The Times’s survey — which includes more than 1,700 American colleges and universities, including every four-year public institution and every private college that competes in N.C.A.A. sports — is believed to be the most comprehensive tally available. But the lack of a centralized national tracking system or consistent statewide data means the full toll is hard to capture.

When The Times last tallied campus cases on Oct. 22, the figure was 214,000. Now it is more than 252,000.

More than a third of U.S. universities welcomed students back in some capacity this fall.

Some of them have appeared to keep the virus in check, primarily through extensive testing programs, even as they try to provide some semblance of a normal college experience for their students.

But others have done less well, failing to enforce social distancing and other preventive measures in an environment that normally revolves around communal living, group activities, large social gatherings and in-person learning.

Many school officials blame students when there are spikes in cases, chastising them for failing to abide by the new rules that have transformed campus life in 2020.

At Syracuse University, school had barely opened when officials issued an open letter castigating a group of students who had thrown a large party and “selfishly jeopardized the very thing that so many of you claim to want from Syracuse University — that is, a chance at a residential college experience.”

Syracuse has reported 257 coronavirus cases since March.

Some students say administrators should have seen it coming when they chose to reopen in person.

“It’s very difficult to say whether, you know, it’s really on students for throwing these honestly reckless parties, or whether they’re just simply acting how college students are going to act in these kind of situations,” Dylan Brooks, a senior at Arizona State University told his school newspaper. “Of course, if you’re bringing A.S.U. college students back to A.S.U., this is how they’re going to act.”

The school, which has 44,000 students, has reported 2,518 cases.

The coronavirus has been responsible for at least 80 deaths on college campuses this year. While most of those deaths were reported in the spring and involved school employees, several students have died in recent weeks as a result of the virus.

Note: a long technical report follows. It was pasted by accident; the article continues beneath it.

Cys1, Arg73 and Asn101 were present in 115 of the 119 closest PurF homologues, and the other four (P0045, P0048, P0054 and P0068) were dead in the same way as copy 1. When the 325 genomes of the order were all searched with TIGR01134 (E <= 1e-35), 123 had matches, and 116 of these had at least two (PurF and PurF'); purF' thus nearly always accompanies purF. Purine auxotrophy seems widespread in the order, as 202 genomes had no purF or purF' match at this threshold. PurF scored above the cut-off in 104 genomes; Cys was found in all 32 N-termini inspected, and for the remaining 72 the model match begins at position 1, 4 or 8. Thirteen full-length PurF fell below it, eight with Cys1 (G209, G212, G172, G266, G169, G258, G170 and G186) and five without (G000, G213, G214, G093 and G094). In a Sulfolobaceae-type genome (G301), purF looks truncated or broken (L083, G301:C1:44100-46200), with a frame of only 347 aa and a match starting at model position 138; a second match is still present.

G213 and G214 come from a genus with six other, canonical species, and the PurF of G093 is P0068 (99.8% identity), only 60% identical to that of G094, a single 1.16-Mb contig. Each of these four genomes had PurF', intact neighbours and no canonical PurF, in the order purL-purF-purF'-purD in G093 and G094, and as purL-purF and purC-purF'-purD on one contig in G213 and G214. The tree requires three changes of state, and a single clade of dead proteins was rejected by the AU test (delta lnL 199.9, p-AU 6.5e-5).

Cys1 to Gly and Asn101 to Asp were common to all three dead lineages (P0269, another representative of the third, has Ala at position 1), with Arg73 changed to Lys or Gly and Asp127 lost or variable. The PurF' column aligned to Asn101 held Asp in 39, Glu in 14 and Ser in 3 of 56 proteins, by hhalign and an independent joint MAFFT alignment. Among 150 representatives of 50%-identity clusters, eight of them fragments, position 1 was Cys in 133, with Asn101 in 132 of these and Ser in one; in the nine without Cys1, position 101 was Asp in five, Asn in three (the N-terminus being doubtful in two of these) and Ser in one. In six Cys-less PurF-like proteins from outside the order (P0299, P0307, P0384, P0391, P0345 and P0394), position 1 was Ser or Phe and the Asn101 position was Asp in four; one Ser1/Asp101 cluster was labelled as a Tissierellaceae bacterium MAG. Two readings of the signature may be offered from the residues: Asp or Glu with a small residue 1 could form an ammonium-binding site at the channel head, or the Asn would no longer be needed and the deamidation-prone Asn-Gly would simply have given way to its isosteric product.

As case numbers skyrocket across the nation, that number is expected to rise.

Credit…Stephanie Keith for The New York Times

Gov. Andrew M. Cuomo of New York announced on Friday that lockdowns in some areas of New York City would be eased — and that students at State University of New York colleges and universities would not be able to return to campus after Thanksgiving break.

Mr. Cuomo said his approach to fighting the virus — a welter of sometimes confusing benchmarks and tiers — was “working and working well” and that a microcluster in Far Rockaway, Queens, had been extinguished. Areas designated for lockdown in Brooklyn would be shrunk by half, the governor said.

“Downstate is now doing better than upstate New York,” Mr. Cuomo said, “which is a total reversal from the first phase of Covid.”

In contrast, Mayor Bill de Blasio warned of the threat of a second wave for the city, pointing to a rise in the city’s seven-day average rate of positive virus test results in a call with WNYC. The rate is now 1.96, which is far below the 5 percent health authorities see as problematic, but the upward trend was “a problem,” Mr. de Blasio warned.

In announcing his decision on SUNY campuses, Governor Cuomo argued that bringing students at the 64 colleges and universities back after Thanksgiving would needlessly increase the health risks.

“To send children home for Thanksgiving to then bring them back basically for a couple of weeks from across the country and then end the semester — literally two, three weeks later — doesn’t make a lot of sense,” the governor said. “The SUNY policy does make sense. I’d like to hear what the private colleges are thinking.”

Most SUNY institutions had already planned to shift to online classes after Thanksgiving anyway, a spokeswoman said on Friday. Mr. Cuomo urged private colleges to consider similar moves.

Statewide and across the country, many private universities, including Cornell, Ithaca College and Syracuse University, have already planned transitions to online learning post-Thanksgiving. Others, such as New York University, have notified students who are planning to travel to hot spot areas of the need to quarantine upon return to campus.

At SUNY schools, most students will be required to test negative for the virus before leaving campus for Thanksgiving. Those who do not abide by state public health rules or SUNY policies may face suspension, Ms. Liapis said.